Here’s a cross-section of the energy conversations that took center stage last week:
The New York Times reported on whether or not exporting surplus natural gas would help or hurt the economy.
The Washington Post reported that the effects of climate change will be felt more deeply in coming decades, according to a draft of the third National Climate Assessment.
Bloomberg New Energy Finance reported that Japan plans to establish a clean energy investment fund.
Plugin Cars reported that Nissan plans to offer more dealership-based quick charging for EVs in California.
Grist reported on Solar Mosaic, a company based on crowdsource funding for solar projects.
Automotive News reported that Toyota may start incorporating carbon fiber components into its Toyota and Lexus lineups.
GreenBiz offered up “4 tips for getting the most out of utility rebates and incentives.”
Ceres reported that an open letter from a group of global investors—representing $22.5 trillion in assets—called on governments to enact well-designed carbon policies that attract low-carbon investment.
The Scholars Strategy Network shared a report about why efforts to implement a cap-and-trade system for carbon failed in 2009 and 2010.
Architecture Source asked if it was better to retrofit or start fresh when designing zero energy buildings.
Patently Apple reported that computer giant Apple has filed a patent for a new on-demand system to harness stored wind energy.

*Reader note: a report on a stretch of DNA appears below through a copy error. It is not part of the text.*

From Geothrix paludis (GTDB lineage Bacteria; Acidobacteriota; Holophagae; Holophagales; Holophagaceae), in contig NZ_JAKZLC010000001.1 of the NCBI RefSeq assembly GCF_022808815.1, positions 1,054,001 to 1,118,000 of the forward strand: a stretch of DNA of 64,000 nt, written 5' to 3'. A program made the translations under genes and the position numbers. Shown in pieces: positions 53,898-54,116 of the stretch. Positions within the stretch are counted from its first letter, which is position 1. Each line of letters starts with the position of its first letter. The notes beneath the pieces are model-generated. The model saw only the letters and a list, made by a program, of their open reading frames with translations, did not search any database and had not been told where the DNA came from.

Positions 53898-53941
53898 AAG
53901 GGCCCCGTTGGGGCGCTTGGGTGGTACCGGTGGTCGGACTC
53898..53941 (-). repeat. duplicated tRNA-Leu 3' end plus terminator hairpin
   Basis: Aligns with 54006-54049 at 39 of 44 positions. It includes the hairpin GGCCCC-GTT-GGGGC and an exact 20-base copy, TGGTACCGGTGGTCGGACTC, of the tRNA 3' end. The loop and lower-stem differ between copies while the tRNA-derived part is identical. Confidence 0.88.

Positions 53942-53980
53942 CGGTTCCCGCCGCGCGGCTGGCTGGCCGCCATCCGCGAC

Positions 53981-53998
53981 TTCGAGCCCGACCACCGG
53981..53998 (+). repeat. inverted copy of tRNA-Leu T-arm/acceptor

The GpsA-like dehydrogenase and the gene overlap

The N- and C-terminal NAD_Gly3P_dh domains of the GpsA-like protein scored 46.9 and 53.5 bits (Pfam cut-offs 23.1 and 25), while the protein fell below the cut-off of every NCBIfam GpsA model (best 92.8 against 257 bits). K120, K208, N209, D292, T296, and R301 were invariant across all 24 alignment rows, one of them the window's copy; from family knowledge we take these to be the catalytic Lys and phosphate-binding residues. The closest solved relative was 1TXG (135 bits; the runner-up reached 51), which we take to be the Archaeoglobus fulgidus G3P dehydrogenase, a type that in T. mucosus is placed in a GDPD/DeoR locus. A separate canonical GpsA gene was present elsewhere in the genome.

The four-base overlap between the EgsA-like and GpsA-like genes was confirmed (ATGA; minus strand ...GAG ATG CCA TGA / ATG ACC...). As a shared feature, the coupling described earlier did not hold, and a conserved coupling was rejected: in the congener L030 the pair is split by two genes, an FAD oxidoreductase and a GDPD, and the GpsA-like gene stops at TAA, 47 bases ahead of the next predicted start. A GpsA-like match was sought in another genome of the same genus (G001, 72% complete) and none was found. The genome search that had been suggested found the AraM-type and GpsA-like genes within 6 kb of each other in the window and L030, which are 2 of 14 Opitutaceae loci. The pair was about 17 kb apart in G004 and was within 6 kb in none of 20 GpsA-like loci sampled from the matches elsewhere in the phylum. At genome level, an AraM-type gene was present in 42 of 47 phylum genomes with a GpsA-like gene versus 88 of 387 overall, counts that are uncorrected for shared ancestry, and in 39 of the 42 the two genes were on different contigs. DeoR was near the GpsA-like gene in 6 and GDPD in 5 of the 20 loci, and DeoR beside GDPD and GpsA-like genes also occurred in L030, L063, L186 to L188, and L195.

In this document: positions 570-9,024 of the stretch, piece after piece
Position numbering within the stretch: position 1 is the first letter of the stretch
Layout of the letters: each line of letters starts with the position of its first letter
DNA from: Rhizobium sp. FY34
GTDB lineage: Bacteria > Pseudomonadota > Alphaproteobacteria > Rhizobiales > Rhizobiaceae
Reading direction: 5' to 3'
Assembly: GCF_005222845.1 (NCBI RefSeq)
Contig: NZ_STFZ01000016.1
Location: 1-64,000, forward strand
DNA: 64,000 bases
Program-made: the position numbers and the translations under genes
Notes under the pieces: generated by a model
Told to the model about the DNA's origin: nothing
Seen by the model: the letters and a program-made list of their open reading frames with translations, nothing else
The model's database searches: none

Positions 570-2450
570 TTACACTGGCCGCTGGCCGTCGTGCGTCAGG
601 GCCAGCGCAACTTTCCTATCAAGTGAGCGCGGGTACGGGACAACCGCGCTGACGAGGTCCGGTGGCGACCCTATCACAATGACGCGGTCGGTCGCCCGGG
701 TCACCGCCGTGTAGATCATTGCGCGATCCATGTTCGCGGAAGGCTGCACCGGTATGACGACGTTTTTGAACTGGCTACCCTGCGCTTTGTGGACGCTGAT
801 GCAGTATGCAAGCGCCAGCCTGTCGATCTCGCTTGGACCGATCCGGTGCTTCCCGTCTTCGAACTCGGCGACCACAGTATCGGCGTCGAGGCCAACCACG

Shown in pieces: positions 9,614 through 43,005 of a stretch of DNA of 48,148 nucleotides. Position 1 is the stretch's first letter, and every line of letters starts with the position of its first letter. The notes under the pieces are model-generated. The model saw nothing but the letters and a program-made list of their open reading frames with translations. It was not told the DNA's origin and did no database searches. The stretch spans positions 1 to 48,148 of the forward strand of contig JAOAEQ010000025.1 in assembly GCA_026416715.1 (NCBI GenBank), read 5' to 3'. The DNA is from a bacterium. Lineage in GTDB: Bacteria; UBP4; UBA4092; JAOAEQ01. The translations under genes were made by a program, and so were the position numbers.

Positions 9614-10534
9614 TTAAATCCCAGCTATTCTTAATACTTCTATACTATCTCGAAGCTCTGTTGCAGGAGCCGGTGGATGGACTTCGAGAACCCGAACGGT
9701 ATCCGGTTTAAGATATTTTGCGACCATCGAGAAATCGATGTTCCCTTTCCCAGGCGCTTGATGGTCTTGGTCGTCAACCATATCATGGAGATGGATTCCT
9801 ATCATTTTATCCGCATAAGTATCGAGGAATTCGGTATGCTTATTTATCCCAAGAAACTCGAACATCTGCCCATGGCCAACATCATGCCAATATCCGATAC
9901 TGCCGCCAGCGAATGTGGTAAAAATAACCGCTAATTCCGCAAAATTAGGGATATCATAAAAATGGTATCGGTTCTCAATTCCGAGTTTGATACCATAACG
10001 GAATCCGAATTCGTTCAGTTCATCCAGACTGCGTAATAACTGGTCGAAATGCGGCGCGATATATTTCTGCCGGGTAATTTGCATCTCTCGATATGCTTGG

Autoblog Green reported that EVs accounted for 5.2 percent of auto sales in Norway in 2012, nine times the U.S. sales rate.
The American Petroleum Institute noted that its president and CEO, Jack Gerard, delivered its annual State of American Energy address.
Bloomberg New Energy Finance reported that the Energy Technologies Institute is investing in R&D to develop the world’s longest turbine blade, intended to help lower the cost of offshore wind.
The New York Times reported that India has ambitious plans for the expansion of solar PV.
GreenBiz reported that the U.S. Postal Service and UPS have teamed up to track and reduce the carbon footprint associated with their transportation and delivery emissions.
The Hill reported that green energy investment slid in 2012, but still reached its second-highest level ever.
Autoblog Green reported that Via Motors plans to debut three full-size, extended-range plug-ins at the North American Auto Show, including a truck that boasts “the torque of a monster truck” and “fuel economy that makes the Prius look like a gas guzzler.”
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